Vincent finished the painting and the man bought it. The man held a dinner party at his house that Saturday night and proudly displayed the painting to his artsy friends. They decided that Vincent was their next great meal ticket. The men promoted Vincent’s work and managed to get him a one man show. Vincent and his now famous painting blew up and soon the men had Vincent flying around the world first class to great acclaim. He became rich and famous and the men who had promoted him made a fortune.

Vincent’s shows were the talk of the art world. He would create a painting live onstage in front of screaming crowds. Every time he’d start a painting the groupies in the Mosh Pit would yell to Vincent; “Do another Starry Night man”. “Do another Starry Night”. One fateful night when the absinthe and the cocaine and the women and the screams of the crowd to repeat his masterpiece combined with all the adulation that now overwhelmed Vincent’s flagging creativity, driving Vincent’s brain to oblivion, he faced the screaming fans, took out a pen knife from his pocket that he used to open the ends of the paint tubes and slowly, to the horror, shrieks and applause of the crowd, calmly, deliberately, sawed off his left ear. Vincent showed it to the assemblage and then gave it a great toss into the crowds in the cheap seats. The fans fought over it like a foul ball hit by Mickey Mantle at Yankee Stadium.

Vincent turned and walked down the old stairs from the podium and through the stage door. He felt ruined by worship and destroyed by success. He stepped into his new chauffer driven limousine and snorted a bit of the white powder that the men who fed off his soul provided and that had become his only friend; never asking a thing in return. As the car pulled away slowly he felt as though he was astral planing in a dream state, pious; calm and strangely holy; though mostly Vincent felt relieved. He drove silently to the Pub where his journey had started those many years ago when he met the man he now thought must have been Mephistopheles. He wondered; had he sold his soul to the devil? Vincent took the shabby piece of paper he had written the TV lawyers phone number on, and kept for all those years of somnambulist void, to the phone booth, closed the door and dialed the number. Vincent explained his conundrum as best he could to the lawyer, describing his indescribable pain and suffering. The lawyer listened. Then he told Vincent that he couldn’t help with the kind of pain and suffering that plagued Vincent.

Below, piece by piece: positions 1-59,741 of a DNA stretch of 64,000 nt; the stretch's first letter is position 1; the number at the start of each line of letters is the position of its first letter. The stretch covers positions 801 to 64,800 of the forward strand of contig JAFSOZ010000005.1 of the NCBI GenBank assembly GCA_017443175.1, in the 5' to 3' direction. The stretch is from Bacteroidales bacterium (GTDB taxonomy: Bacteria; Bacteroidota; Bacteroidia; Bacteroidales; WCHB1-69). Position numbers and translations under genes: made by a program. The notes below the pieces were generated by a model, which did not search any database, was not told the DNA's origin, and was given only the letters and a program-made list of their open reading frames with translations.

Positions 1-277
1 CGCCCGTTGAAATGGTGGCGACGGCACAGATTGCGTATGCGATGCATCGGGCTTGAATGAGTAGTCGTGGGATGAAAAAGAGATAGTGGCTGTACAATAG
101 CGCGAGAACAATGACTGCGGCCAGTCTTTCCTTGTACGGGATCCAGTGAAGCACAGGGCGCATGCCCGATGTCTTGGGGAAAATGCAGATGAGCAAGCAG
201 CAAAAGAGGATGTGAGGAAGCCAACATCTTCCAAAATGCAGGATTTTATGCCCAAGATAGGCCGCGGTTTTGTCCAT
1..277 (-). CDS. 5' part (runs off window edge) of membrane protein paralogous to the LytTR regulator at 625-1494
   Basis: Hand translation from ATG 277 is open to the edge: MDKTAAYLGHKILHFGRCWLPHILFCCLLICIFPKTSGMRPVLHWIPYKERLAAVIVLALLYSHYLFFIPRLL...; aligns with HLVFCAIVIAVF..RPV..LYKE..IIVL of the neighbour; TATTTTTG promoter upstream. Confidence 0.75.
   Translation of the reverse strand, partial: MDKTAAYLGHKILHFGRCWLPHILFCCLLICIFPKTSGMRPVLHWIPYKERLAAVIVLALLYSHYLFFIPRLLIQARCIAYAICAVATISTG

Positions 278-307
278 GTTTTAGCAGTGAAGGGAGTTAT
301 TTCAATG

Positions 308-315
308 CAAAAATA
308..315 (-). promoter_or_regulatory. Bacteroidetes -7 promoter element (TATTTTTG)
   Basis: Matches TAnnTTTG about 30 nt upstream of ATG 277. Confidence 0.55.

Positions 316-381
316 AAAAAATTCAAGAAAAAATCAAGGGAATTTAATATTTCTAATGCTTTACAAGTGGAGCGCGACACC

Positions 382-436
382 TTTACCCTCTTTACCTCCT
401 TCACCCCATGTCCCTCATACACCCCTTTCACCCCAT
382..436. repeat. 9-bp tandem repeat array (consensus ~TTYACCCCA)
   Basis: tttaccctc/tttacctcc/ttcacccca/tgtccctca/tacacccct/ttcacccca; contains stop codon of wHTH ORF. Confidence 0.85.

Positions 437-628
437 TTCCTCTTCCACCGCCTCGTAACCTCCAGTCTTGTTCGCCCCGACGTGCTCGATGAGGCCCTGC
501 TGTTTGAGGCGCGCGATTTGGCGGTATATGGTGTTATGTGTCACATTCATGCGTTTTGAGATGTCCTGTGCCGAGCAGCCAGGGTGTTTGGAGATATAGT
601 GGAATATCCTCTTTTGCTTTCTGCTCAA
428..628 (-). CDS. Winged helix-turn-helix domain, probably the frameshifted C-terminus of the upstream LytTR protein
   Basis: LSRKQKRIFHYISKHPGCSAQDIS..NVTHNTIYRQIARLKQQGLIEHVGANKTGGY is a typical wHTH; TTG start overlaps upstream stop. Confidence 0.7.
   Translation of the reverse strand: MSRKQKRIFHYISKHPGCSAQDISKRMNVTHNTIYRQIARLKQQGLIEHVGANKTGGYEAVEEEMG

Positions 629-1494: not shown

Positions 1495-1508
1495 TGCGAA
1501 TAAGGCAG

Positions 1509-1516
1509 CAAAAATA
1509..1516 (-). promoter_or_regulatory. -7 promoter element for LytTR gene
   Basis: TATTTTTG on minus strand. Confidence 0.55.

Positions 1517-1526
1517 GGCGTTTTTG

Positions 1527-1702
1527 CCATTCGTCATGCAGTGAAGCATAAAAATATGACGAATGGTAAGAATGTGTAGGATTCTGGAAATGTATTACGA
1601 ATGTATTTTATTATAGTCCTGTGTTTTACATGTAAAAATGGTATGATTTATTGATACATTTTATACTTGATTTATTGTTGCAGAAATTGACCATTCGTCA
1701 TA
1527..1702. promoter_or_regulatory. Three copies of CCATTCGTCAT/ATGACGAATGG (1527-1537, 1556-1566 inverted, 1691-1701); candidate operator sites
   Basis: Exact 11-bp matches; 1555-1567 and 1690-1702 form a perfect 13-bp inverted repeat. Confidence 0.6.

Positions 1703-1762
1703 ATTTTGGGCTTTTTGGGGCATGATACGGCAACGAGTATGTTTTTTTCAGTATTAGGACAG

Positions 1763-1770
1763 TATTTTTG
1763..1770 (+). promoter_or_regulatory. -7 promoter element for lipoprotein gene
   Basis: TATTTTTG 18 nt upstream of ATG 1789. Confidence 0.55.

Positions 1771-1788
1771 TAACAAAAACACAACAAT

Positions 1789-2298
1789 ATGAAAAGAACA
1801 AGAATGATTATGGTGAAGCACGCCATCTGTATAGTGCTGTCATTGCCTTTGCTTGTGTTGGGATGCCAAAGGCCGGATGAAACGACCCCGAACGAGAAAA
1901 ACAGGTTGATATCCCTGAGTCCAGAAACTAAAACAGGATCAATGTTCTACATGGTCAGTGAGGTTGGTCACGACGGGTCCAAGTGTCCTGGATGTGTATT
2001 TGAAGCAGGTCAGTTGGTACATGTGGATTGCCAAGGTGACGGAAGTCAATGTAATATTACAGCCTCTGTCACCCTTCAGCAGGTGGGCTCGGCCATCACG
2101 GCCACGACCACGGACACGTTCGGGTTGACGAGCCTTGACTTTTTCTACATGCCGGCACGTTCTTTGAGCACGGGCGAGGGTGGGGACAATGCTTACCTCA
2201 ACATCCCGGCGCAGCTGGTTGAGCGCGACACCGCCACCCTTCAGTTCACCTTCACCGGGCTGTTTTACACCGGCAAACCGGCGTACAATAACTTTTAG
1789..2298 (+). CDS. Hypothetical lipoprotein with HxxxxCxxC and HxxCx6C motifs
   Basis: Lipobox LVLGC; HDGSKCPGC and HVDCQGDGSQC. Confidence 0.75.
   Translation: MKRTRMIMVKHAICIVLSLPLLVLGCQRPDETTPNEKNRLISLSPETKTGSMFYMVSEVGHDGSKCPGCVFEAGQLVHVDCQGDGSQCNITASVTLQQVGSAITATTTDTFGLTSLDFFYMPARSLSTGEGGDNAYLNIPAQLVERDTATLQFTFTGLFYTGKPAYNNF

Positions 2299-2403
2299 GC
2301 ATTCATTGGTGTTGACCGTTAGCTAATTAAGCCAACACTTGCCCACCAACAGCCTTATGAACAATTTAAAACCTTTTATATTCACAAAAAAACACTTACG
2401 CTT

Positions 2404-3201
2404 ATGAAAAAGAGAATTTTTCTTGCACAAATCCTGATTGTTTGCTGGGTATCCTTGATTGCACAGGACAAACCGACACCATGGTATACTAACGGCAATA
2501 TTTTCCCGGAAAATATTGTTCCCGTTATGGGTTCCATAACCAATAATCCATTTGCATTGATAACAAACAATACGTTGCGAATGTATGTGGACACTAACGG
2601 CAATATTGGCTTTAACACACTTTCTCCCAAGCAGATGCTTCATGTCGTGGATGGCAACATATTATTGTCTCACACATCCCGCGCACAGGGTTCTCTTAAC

And so, early that next morning, as the prostitutes from Vincent’s favorite place left the Pub; while Vincent’s paintings hung in empty halls; the women knelt weeping over Vincent’s lifeless body as he lay crushed and broken on the virgin snow.

For they could not love you; but still your love was true, and when no hope was left in sight on that starry, starry night, you took your life as lovers often do. I could have told you Vincent; this world was never meant for one as beautiful as you.” Don McLean


About circusinpurgatory
Nick Masesso Jr’s fictionalized short stories, poetry and prose have been published in the Starry Night Review, Elegant Thorn Review, Language and Culture.net and Vagabond Press; the Battered Suitcase. His latest book “Armor of Innocence” and first book “Walking the Midway in Purgatory, a Journal” are available on-line and through bookstores.

2 Responses to Fame Game (for Joni Mitchell)

  1. pinkbubblespinkbubbles says:

    This is simply brilliant. They say time travel isn’t real….it was, the day you wrote this.

  2. James Mcfarland says:

    Reality is stranger than fiction, so they say, until Masesso sends you on a one way time warp … into madness.